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Fairhaven United Reformed Church, Lytham St Anne, Lancashire, UK

June 28, 2015

white church lytham

Fairhaven United Reformed Church (aka The White Church) was built as a Congregational church at one of the seaside communities along the Lancashire coast. Proposed in 1899, the new church was opened in 1912. The architects were Briggs, Wolstenholme & Thornley of Blackburn, whose design was chosen over three other competitors.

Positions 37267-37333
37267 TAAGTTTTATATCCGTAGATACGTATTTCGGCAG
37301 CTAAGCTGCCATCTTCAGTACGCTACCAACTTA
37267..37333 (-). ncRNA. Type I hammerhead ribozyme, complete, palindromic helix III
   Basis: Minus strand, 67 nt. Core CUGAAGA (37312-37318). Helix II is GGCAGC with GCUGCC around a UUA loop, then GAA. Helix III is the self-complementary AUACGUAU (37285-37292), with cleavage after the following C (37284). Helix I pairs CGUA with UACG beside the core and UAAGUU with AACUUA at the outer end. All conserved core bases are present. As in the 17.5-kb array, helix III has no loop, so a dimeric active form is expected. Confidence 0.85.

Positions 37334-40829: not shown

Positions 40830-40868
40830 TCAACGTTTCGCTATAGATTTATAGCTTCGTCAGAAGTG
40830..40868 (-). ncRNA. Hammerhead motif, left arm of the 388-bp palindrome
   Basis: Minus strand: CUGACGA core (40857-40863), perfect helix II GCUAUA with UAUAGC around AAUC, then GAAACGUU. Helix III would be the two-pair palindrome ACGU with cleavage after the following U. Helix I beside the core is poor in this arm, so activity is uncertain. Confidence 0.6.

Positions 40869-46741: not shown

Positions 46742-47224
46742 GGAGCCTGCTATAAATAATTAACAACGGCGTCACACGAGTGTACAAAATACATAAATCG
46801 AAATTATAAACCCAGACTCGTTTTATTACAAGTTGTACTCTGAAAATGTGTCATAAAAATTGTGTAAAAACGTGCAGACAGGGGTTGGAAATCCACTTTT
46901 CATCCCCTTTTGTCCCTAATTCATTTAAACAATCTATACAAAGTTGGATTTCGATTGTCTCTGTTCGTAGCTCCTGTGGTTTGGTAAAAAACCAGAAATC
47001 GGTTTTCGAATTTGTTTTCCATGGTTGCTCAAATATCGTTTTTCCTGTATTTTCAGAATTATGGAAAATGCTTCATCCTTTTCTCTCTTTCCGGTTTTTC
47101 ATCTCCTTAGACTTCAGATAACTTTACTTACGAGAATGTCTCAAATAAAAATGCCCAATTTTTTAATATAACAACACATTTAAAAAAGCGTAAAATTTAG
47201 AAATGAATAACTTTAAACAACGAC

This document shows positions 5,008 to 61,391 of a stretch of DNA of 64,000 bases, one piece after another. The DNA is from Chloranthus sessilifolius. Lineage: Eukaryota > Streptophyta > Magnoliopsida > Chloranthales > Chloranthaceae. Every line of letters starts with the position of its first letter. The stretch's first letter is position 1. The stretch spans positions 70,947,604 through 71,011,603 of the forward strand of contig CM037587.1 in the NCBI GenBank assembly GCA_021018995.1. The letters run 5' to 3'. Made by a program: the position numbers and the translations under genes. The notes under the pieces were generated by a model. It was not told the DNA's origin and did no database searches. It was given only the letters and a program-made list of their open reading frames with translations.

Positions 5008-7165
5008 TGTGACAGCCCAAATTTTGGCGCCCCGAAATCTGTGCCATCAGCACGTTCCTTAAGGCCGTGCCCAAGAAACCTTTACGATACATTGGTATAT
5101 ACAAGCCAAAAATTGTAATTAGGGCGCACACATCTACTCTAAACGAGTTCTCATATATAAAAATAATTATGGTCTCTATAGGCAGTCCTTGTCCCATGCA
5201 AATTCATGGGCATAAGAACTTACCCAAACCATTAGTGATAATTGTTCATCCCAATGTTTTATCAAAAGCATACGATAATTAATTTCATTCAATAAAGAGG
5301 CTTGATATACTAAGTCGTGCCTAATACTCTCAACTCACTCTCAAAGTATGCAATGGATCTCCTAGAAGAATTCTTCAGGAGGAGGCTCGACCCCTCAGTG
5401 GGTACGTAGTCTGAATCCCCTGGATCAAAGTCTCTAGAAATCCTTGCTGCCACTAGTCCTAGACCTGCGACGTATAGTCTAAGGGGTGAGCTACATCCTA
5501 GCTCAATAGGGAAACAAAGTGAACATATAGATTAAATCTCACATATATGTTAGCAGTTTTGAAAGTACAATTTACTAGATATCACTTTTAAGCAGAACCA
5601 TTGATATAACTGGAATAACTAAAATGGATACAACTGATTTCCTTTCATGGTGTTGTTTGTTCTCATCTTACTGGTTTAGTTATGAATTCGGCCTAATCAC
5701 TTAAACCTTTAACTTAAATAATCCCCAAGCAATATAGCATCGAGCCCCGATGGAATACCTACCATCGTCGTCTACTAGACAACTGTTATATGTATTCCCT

As a “dissenting” church—i.e., non-Anglican congregation—there was little precedent for BW&T, so they chose a Byzantine-inspired design for a gore corner at a prominent intersection; indeed the C of E parish is across the street (to the right in this postcard view). Since religious education was underwritten by the government on behalf of the established church, the Akron system for Sunday School seems to have been unknown in the U.K. The sanctuary here, however, is of an auditorium sort. I include it here as an exceptionally rare (as far as I can tell) example of at least part of the A-A phenomenon in the United States.

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